Determine whether the dive company you are diving with gives dive briefings on buoyancy control, and if not, recommend that they do. Dive shops and operators can help educate the public on maintaining coral reef health by conducting buoyancy control workshops and dive briefings prior to dives. Dive operators should give special attention to novice divers and to photographers who prefer to be close to corals and have extra gear to control. For a list of good practices for dive guides and daily operation procedures, see Marine Ecotourism: Impacts, International Guidelines and Best Practice Case Studies by E. Halpenny (2002).
Recommend that local dive shops provide diver- and snorkeler-friendly brochures. Examples of guidelines for safe diving and snorkeling practices are provided by the Coral Reef Alliance at: http://static.redjupiter.com/gems/coral/coralFriendlyDiving.pdf and http://static.redjupiter.com/gems/coral/coralFriendlySnorkeling.pdf.
Identify popular diving, snorkeling, and walking areas and recommend to local government officials that interpretative signs, such as those concerning touching corals and animals, be put up at major dive spots. See Reef Relief’s 'Eco-safe divers’ tips' at http://www.reefrelief.org/main.html (click on 'What you can do,' then 'Action alerts' and scroll down to 'Older issues and guidelines.'
If you find that a dive company is not practicing safe diving practices, recommend that they do. If they continue to dive unsustainably, dive with another company and encourage others to do the same.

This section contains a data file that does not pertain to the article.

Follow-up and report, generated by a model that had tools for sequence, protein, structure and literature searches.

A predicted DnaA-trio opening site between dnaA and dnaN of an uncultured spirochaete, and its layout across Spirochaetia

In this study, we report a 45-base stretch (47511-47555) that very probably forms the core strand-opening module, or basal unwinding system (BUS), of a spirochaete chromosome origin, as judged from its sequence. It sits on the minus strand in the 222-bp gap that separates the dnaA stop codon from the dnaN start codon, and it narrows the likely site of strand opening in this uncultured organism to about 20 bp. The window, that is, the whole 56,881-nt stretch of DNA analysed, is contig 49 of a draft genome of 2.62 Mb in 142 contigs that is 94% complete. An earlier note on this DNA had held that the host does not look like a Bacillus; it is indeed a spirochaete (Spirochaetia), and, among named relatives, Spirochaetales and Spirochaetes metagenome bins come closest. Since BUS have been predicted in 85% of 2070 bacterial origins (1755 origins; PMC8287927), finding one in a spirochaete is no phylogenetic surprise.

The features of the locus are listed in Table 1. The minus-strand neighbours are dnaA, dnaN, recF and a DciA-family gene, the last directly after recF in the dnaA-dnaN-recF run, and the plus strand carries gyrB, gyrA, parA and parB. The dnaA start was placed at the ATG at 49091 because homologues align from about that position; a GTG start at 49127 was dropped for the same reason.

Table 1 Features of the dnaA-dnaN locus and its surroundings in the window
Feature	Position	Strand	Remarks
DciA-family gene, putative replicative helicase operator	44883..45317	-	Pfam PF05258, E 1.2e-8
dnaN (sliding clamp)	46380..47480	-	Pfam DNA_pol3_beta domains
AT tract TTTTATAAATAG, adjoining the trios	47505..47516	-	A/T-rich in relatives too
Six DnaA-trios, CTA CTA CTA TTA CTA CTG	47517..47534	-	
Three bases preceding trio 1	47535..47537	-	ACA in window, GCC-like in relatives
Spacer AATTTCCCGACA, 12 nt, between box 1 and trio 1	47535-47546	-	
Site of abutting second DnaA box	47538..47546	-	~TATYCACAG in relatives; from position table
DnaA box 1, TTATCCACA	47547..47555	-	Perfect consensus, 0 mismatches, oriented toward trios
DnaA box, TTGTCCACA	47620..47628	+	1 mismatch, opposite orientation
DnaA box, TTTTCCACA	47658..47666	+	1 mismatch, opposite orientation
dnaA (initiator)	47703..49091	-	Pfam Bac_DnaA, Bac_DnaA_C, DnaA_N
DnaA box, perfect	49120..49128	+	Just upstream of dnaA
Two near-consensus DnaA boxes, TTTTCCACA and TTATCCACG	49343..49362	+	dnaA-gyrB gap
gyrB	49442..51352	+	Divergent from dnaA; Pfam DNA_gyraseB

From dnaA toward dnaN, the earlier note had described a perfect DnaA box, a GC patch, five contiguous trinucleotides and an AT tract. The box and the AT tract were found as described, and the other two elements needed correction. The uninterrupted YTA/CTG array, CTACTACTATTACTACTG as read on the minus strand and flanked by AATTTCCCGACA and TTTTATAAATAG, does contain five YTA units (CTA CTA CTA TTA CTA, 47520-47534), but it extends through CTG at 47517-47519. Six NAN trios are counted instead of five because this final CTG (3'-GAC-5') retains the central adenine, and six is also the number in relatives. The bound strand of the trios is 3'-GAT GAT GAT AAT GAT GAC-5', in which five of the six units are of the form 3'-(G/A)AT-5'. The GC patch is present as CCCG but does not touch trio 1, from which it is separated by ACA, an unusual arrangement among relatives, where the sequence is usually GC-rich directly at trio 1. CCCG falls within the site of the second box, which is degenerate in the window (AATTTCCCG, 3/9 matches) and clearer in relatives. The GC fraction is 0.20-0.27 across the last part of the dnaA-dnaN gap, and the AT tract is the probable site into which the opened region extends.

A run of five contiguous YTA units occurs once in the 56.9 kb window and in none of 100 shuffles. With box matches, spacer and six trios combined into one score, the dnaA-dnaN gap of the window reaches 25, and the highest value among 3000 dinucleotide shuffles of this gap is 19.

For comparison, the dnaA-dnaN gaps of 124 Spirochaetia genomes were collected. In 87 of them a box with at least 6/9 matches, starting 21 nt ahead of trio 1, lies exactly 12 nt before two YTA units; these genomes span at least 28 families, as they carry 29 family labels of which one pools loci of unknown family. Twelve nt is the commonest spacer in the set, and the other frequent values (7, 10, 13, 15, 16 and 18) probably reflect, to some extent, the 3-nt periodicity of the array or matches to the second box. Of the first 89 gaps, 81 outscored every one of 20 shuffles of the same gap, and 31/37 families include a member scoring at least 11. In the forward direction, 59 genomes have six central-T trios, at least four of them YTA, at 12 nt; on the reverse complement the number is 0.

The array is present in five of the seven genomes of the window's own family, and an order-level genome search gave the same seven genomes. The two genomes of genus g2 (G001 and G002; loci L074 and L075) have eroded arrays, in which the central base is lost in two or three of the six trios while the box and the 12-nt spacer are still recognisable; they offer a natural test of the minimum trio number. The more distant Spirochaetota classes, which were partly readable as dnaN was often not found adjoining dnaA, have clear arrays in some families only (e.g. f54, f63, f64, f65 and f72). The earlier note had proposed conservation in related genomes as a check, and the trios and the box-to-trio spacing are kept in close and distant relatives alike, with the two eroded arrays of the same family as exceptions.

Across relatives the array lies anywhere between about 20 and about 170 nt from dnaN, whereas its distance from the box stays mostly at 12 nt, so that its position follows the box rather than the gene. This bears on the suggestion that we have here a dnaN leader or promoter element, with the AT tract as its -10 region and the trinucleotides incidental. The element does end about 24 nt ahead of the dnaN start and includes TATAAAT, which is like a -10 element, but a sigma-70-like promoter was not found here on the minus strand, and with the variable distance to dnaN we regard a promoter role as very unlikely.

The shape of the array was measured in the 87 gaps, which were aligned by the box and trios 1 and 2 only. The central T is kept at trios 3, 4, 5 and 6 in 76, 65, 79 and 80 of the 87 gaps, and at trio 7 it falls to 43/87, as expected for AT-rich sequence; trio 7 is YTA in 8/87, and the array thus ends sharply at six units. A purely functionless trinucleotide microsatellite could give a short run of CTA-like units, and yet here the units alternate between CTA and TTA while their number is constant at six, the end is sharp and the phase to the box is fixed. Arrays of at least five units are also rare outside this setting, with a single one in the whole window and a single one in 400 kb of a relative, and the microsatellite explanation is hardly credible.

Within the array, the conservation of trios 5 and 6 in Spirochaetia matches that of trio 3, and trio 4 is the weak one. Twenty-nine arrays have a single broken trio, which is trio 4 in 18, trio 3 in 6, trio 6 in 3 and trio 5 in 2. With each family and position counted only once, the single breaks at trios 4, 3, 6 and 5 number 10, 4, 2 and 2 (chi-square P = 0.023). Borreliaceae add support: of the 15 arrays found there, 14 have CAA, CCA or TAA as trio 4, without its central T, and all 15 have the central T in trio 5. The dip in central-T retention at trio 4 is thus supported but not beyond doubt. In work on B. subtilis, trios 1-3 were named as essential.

Determine whether there are locally established rules and standards for safe diving and snorkeling practices; for example, are there educational programs to teach safe diving and snorkeling techniques? See your local dive shop to determine if such programs exist. For a list of 'Best environmental practices' on diving and snorkeling, see the Great Barrier Reef Marine Park Authority at: http://www.gbrmpa.gov.au/corp_site/key_issues/tourism/best_environmental_practice.html
Inform the community, government authorities, and local industries of the damage caused by these activities through brochures, posters, letters, etc. For 'Effective letter-writing guidelines' see Reef Relief’s website at http://www.reefrelief.org/main.html and click on 'What you can do,' then 'Action alerts' then scroll down to 'Older issues and guidelines.'
Encourage the public via brochures, posters or advising fellow divers to avoid contact with corals and marine life and to avoid stirring up sediments. Even these simple measures will help decrease the level of impact divers and snorkelers have on coral reef communities. See Project AWARE’s 'Tips for divers' at http://www.projectaware.org/americas/english/tfd.asp for a sample brochure.